Studies gain greater validity after they undergo peer review. In peer review, a panel of scientists reviews a study to validate or refute its findings, usually before publication, assessing the quality of the data and methodology. Peer review is designed for an industry to self-regulate to reduce fraud and poor quality research.
However, peer review has serious limitations. Statistician William Briggs is so skeptical of peer review that he describes it as “the weakest filter of truth that scientists have.” “Yet,” he continues, “civilians frequently believe that any work that has passed peer review has received a sort of scientific imprimatur. Working scientists rarely make this mistake in thinking.”(1) In fact, plenty of studies that have passed peer review were later discovered to be fraudulently produced or simply full of enough errors to require retraction.(2) Hence, peer review is helpful, but it alone isn’t sufficient to assure a study is completely sound.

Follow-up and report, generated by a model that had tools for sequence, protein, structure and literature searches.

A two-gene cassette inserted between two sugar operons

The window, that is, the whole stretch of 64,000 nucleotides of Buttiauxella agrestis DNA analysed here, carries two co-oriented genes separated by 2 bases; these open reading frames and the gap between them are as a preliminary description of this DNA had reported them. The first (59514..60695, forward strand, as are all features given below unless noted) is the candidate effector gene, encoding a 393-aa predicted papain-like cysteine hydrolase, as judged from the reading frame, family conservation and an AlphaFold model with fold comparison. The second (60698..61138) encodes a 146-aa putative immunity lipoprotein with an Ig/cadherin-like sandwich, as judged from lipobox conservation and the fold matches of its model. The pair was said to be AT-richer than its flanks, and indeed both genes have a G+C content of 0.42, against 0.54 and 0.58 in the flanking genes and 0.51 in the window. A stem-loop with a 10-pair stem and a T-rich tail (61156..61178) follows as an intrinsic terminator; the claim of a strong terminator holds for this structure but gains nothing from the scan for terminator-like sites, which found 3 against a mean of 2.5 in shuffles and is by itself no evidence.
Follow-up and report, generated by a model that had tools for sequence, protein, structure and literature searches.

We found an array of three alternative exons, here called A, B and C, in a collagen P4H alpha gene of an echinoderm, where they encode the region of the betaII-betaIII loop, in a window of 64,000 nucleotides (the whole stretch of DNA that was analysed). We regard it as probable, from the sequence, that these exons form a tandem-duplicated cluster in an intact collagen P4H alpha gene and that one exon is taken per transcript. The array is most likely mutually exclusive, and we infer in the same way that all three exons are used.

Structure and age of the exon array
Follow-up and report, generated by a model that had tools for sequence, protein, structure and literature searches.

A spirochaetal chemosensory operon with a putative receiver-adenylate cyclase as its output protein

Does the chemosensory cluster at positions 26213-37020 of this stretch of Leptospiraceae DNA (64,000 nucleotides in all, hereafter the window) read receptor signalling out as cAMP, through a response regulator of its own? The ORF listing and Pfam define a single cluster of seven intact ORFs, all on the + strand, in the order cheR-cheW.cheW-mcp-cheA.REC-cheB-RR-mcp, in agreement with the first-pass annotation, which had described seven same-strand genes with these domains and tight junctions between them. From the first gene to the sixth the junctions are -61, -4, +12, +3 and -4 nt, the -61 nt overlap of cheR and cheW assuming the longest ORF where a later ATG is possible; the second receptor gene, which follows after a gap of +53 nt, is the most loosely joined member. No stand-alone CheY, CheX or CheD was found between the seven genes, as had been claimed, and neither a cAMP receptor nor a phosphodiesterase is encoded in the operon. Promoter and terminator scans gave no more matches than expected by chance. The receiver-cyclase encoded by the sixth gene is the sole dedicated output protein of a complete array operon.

(1) William M Briggs, “A Case Of Failed Peer Review: Dust And Death,” blog post on wmbriggs.com, October 20 2011.
(2) Many examples are available on Retractonwatch.com. It’s worth noting that retractions of scientific studies may indicate failure of peer review, but Retractionwatch.com bloggers explain it in a more positive light: retraction reflects a “self-correcting” element of science, they say.